“You can upskill just by having a network that maybe in their sleep looks at the sort of data sets that you could only dream of,” she said. “You’re crazy if you don’t use that. That’s the secret sauce.”
The Shifting Landscape
Geopolitical uncertainty and market volatility are adding intensity to boardroom discussions.
The biggest challenge facing boards is not finding a balance between the interests of shareholders and stakeholders, but in finding a balance between the short and long term, said Michael Froman (pictured above), vice chair and president of strategic growth for Mastercard and a director of the Walt Disney Company.
The global economy has grown strongly over the past 70 years, but the benefits haven’t been equally shared, which has left a lot of people feeling alienated from the system and caused a lack of trust in institutions, governments and business, said Froman, a former principal adviser and negotiator on international trade and investment issues to US president Barack Obama. This has placed a premium on what kind of global growth is quality; inclusive and sustainable growth that makes everybody feel part of the advancement.
Froman urged directors to consider the proper role of the corporation. “Is it about short-term quarterly financial returns or is it about some longer-term perspective on what it means to create shareholder value in the long run, taking into account employees, communities, the environment and suppliers?”
He said companies need to consider a triangle of issues — the balance between one and many, which draws in issues such as inclusion; man and nature, such as environmental challenges; and short and long term, often the answer to the first two problems. “The challenge companies face is not between shareholders and stakeholders. It’s between short term and long term.”
An example is the way Mastercard has brought half a billion people into the financial system. “We engage in financial inclusion at Mastercard because it’s in our long-term interest to see the markets of the future have healthy economies, to have inclusive economies,” said Froman. “If economies are thriving, we will thrive.” Likewise, Mastercard focuses on the environment because it helps the company attract and retain the best talent and builds the brand with customers. “You can justify all of these actions as attributing to long-term value,” he said.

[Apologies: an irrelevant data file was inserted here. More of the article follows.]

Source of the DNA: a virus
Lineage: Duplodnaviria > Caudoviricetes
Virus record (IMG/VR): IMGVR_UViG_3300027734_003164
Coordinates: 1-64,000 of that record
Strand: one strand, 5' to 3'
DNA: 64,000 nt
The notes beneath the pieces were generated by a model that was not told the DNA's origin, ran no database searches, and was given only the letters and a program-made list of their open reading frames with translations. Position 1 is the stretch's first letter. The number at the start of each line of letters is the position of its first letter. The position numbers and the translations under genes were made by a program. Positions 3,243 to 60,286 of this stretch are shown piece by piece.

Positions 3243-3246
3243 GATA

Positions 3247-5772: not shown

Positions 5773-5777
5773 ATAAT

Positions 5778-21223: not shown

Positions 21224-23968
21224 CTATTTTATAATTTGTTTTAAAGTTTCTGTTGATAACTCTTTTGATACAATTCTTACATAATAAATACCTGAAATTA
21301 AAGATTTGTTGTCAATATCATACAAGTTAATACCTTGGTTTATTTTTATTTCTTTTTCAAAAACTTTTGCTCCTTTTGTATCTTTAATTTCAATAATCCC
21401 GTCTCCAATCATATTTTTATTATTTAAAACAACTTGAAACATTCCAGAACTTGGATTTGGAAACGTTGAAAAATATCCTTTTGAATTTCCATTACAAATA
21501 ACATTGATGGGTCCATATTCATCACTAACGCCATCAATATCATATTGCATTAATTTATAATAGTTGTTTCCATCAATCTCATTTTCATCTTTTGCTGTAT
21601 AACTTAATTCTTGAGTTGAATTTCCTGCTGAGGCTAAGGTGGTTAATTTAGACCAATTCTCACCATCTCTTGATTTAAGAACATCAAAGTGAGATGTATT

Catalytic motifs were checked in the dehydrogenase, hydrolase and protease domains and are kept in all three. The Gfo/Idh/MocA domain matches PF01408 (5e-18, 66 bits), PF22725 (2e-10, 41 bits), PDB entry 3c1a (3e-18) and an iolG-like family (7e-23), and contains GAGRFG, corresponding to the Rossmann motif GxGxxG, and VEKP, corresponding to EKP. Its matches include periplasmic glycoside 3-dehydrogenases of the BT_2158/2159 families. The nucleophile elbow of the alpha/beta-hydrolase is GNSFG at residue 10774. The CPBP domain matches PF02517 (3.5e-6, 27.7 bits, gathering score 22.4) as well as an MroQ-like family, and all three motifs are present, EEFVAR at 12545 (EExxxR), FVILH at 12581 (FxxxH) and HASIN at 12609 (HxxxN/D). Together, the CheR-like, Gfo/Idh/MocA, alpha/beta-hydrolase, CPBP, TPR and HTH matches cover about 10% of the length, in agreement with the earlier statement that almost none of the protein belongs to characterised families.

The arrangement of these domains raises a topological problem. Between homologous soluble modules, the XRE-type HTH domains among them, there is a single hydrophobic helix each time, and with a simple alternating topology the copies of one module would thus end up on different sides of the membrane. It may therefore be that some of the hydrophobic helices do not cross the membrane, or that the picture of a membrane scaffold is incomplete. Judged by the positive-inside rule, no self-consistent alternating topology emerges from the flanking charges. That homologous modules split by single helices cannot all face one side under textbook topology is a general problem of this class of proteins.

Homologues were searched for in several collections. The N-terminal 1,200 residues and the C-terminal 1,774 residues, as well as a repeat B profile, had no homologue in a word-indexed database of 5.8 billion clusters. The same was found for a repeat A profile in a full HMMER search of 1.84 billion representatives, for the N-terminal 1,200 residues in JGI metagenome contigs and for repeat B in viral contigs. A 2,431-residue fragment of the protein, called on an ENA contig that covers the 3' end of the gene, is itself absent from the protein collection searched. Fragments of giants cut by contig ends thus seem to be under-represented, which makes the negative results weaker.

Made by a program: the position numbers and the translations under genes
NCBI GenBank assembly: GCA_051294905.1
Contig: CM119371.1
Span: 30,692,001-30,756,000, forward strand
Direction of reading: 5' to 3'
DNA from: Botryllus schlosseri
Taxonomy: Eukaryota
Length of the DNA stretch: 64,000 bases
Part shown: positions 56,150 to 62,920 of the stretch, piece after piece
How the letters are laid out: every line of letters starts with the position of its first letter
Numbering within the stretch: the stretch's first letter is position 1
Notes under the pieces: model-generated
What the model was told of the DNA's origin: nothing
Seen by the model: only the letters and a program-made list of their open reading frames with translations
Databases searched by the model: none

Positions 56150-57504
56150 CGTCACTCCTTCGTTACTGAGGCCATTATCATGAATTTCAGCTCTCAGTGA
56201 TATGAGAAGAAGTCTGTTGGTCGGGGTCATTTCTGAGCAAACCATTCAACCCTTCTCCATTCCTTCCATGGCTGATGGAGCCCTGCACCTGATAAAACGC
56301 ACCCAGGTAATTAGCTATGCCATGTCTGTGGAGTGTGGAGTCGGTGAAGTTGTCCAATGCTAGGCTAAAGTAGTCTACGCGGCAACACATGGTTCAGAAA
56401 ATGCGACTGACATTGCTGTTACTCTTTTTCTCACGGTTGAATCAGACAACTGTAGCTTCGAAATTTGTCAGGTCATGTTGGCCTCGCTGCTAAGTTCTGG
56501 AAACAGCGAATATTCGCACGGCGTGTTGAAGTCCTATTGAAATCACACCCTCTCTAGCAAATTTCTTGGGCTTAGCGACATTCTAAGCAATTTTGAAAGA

The increase in nationalism around the world is creating a significant issue for boards, in understanding what the nationalist trends are, what challenges they create and how companies need to modify their business model to be both global and local in a way that plays in each of the key countries.
There has been a step back from what Froman calls “peak globalisation”. The nature of supply chains is changing, not just because of US-China trade tensions, but because companies are looking at operational risk, how extended their supply chains are and their need to either have some redundancy or bring some of those supply chains closer to home.
Similarly, he said, decoupling technology and single global interoperable standards across multiple markets poses a challenge. There are now different sets of standards in different jurisdictions, and companies in the middle need to select which of them they adopt.
“Boards and managers have to increasingly look at what it means to operate locally in a global economy and how to be as much a part of the global economy, the local environment, as possible while maintaining the benefits, efficiencies and strengths of global marketplace,” said Froman.